Emerging out of my own work in nonfiction sound, I have developed a specialty in producing narrative audio within teams across diverse media and contexts.

On commission from the Albany Symphony, I led a team that created a radiophonic sound design, which was incorporated into a new orchestral work that invoked the history of the Erie Canal. In this clip (one of three segments we produced), an actor performs the actual speech given at an 1817 groundbreaking ceremony for work on the canal, while spectators shuffle and applaud. Emerging out of the speech, and tightly timed to the orchestral score (by Dan Scholsberg) are the sounds that we surmised, based on our archival research, would have followed: shovels and then celebratory cannons. Consulting with the symphony and the composer, we balanced a sense of period accuracy with an international, multilingual cast, and a sound that acknowledges New York’s current realities and riffs on the temporal displacements invoked by Hamilton. In addition to triggering the fixed media audio track live onstage at the premiere, I also performed with the symphony as a guest on guitar.

I collaborated with the internationally-known performance artist Marina Abramovic and the Hugo-award winning science fiction novelist Kim Stanley Robinson to create a number of audio works for gallery, podcast and literary contexts. During an “Abramovic Method” workshop, I shepherded a cast of 20 through a studio voice-recording process, and then produced, edited, mixed, and sound designed several versions of the piece, which blogger Cory Doctorow reviewed: “The audioscape is rich and haunting, and has moments of goosepimple-raising eeriness.”

In addition to gallery sound installation version of the project credited to Abramovic as “3015”, and a performance track which Robinson took on tour to read with at literary festivals, the project found its final form as Episode 3 of the podcast Into the Impossible, from the Arthur C. Clarke Center for the Human Imagination.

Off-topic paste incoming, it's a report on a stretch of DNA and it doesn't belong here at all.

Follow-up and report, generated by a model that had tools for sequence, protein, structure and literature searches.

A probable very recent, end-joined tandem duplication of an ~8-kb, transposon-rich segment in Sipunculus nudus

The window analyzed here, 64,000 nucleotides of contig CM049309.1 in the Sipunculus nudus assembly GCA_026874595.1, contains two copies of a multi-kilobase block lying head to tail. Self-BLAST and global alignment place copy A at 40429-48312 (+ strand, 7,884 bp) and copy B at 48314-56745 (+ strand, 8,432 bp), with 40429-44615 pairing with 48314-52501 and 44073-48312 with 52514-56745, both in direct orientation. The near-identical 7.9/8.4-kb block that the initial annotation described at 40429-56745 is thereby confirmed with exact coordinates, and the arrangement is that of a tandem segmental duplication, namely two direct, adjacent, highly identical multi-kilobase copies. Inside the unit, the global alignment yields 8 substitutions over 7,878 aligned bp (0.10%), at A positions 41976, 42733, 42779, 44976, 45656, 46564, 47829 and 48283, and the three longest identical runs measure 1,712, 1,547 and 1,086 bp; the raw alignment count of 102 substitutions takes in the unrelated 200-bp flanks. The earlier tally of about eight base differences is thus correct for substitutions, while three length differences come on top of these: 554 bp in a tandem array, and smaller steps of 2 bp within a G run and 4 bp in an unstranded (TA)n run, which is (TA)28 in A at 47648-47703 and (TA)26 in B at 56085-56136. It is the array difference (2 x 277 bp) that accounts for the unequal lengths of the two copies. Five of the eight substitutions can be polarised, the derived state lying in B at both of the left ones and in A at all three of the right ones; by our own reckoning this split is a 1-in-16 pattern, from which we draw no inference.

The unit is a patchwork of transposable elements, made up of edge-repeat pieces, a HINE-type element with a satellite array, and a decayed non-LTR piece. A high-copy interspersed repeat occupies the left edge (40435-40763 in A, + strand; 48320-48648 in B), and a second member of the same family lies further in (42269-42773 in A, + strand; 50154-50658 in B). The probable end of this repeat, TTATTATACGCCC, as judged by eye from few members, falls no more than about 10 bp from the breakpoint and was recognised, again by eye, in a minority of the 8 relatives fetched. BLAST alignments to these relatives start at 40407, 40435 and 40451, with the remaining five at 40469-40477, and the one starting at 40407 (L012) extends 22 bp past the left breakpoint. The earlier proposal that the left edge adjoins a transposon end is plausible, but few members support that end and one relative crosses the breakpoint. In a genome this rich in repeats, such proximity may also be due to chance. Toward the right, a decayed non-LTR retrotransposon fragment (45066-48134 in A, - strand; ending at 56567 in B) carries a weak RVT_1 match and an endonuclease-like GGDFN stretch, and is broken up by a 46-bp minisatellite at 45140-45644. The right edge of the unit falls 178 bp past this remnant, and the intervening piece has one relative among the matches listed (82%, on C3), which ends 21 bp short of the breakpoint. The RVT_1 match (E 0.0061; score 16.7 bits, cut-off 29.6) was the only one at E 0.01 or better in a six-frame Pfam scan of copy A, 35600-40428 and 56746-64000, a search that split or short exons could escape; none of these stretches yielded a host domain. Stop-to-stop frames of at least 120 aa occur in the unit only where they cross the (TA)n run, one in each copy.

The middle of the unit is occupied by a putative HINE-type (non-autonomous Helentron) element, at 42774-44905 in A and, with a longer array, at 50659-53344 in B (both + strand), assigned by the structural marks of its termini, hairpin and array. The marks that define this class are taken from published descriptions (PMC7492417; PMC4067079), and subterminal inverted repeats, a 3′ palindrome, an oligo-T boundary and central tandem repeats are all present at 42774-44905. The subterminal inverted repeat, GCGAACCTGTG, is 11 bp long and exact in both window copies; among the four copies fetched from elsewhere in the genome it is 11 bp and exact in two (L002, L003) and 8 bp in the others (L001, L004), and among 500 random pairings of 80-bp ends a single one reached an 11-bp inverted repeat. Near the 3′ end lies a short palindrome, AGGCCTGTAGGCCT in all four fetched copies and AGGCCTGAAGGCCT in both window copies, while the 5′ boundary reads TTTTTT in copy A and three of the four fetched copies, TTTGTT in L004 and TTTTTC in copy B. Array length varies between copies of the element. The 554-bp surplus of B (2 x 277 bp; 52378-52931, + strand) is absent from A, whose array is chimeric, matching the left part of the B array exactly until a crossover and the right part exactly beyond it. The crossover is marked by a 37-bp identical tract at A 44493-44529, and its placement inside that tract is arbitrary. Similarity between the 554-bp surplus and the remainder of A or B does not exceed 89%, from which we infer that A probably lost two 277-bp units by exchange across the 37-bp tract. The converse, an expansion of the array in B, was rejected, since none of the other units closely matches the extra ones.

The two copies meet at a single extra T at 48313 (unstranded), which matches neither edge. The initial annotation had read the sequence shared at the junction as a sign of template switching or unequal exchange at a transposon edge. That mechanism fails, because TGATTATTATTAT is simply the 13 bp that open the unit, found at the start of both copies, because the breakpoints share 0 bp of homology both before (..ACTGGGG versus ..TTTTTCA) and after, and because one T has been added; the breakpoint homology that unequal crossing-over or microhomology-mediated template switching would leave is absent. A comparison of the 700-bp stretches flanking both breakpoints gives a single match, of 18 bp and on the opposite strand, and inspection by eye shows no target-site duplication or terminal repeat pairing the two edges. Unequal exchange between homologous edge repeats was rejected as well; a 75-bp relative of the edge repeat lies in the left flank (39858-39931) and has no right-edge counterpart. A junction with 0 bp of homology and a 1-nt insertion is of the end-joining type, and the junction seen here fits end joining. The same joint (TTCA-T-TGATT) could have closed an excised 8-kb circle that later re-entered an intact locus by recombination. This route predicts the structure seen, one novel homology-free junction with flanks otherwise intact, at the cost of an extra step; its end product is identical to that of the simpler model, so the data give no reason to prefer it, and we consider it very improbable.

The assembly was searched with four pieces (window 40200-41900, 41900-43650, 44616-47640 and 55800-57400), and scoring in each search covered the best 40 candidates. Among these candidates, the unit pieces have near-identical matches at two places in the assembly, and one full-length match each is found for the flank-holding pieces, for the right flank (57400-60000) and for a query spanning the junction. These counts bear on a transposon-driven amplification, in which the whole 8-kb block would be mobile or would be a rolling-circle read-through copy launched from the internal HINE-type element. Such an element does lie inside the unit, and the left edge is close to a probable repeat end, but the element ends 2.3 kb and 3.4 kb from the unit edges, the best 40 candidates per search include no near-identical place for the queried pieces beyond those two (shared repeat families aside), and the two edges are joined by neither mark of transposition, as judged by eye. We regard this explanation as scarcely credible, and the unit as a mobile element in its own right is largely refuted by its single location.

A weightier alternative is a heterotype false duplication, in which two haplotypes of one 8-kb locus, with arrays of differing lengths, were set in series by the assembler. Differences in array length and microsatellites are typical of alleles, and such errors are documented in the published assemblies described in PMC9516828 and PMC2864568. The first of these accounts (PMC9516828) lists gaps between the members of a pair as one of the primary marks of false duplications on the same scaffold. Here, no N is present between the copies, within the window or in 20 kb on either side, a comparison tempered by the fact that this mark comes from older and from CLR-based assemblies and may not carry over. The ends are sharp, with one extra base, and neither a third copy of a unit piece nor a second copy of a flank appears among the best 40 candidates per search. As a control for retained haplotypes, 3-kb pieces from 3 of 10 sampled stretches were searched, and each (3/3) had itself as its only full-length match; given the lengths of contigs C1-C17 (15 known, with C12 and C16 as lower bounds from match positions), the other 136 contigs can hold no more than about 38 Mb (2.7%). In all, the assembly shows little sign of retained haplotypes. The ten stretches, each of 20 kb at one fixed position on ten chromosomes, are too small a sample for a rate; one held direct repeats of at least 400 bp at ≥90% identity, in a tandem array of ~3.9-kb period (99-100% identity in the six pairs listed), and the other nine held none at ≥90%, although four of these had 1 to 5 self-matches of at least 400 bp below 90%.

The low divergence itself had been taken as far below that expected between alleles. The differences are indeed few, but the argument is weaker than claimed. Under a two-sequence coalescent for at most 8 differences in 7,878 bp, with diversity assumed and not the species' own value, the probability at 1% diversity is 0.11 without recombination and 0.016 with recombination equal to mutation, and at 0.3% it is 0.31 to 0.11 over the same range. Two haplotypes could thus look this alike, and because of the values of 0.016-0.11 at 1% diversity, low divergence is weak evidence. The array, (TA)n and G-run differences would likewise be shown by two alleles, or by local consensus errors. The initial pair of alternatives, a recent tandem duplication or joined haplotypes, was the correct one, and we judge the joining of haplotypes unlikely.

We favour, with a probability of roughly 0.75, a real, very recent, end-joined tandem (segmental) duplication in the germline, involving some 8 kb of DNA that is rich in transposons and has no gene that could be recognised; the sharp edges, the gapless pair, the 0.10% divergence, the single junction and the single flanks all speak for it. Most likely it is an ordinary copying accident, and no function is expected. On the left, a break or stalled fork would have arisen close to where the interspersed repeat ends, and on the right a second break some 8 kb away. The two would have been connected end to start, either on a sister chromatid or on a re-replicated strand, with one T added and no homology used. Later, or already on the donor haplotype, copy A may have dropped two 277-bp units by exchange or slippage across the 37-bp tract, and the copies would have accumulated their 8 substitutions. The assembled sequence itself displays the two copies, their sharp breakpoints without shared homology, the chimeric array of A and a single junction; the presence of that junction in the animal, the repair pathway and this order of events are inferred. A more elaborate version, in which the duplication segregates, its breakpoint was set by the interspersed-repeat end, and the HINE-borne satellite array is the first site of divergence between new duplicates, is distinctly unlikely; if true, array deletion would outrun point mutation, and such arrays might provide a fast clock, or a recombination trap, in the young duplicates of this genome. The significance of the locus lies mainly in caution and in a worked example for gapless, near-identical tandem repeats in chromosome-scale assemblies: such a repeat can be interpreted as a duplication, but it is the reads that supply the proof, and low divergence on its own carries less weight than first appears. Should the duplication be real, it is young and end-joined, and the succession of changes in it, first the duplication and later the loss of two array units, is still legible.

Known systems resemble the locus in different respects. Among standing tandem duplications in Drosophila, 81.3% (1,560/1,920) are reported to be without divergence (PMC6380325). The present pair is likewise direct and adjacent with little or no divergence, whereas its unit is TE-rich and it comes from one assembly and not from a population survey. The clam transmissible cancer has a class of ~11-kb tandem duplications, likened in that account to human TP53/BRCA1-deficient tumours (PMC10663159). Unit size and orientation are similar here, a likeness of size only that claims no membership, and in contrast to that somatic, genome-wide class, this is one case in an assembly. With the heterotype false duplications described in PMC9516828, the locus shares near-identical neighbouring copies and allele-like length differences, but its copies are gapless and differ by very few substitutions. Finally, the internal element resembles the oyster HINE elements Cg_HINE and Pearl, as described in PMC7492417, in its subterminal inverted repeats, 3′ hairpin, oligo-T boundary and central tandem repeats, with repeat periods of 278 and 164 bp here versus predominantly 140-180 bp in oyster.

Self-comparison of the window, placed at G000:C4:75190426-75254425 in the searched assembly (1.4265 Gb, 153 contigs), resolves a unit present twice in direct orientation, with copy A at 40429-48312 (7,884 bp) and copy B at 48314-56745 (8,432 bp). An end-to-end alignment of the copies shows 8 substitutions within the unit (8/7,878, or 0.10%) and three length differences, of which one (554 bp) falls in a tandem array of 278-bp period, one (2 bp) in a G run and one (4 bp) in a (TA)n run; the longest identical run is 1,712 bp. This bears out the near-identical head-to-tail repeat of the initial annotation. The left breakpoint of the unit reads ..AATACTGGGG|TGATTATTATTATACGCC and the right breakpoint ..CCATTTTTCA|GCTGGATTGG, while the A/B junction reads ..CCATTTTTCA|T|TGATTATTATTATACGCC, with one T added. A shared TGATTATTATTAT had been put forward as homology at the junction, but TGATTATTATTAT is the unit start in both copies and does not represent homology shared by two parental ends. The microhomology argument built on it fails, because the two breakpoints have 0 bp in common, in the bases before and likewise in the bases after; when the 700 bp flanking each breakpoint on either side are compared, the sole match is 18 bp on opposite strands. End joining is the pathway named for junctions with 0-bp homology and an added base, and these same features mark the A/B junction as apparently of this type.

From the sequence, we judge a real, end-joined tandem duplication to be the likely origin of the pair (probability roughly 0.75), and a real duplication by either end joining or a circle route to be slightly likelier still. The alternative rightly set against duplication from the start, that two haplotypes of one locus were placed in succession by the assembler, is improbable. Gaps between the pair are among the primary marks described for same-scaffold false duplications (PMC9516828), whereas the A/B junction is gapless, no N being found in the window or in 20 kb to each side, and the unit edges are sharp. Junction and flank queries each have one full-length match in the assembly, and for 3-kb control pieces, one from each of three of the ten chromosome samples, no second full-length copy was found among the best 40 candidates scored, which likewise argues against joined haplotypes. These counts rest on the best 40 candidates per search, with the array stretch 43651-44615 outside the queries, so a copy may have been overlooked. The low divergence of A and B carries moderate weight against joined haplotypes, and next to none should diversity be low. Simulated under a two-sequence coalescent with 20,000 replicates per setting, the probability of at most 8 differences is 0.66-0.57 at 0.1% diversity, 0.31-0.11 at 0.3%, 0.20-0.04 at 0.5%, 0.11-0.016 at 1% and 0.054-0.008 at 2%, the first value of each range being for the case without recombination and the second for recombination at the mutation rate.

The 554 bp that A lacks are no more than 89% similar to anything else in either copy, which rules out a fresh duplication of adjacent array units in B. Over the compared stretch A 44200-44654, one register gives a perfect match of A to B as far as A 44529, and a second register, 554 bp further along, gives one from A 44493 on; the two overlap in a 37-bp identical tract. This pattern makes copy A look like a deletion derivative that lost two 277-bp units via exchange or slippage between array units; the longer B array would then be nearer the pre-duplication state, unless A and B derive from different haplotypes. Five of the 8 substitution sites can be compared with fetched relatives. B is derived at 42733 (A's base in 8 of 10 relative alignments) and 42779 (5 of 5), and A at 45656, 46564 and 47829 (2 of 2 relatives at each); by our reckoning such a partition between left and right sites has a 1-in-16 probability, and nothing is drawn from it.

I created the sound design for the 360-degree VR film How to Tell a True Immigrant Story (dir: Aggie Bazaz) using the emerging Ambisonics format, in which sound is encoded as a virtual sphere that replicates a naturalistic listening environment in which sounds may come at the listener from any direction. When wearing a headset and headphones, the positions of the listener’s two ears are tracked within that sphere, which is then “decoded” into a dynamically-changing headphone experience: an illusion that the sounds are accurately positioned in space. Practically, this allows a sound designer to position a changing array of sounds in coordination with spherical VR moving images, and (conventionally) to produce a naturalistic, immersive sense of virtual realism, or (as on this project) to defy this convention and bring attention to the artifice of VR. Among my challenges on this project was to emphasize the film’s potent artistic sensibilities in ways that focused attention on its politically urgent content, and not just the whiz-bang of its innovative technology and format. The film debuted at the prestigious Locarno International Film Festival (the first VR film ever to compete there), and subsequently had a successful festival run across several countries, winning a Special Jury Mention at the Encounters Festival (Bristol, UK)

Though the ideal watching/listening experience is on a VR headset, it is possible to get a sense of the effect of the ambisonic sound design by listening on headphones while mousing over and dragging the video around to explore the sphere.

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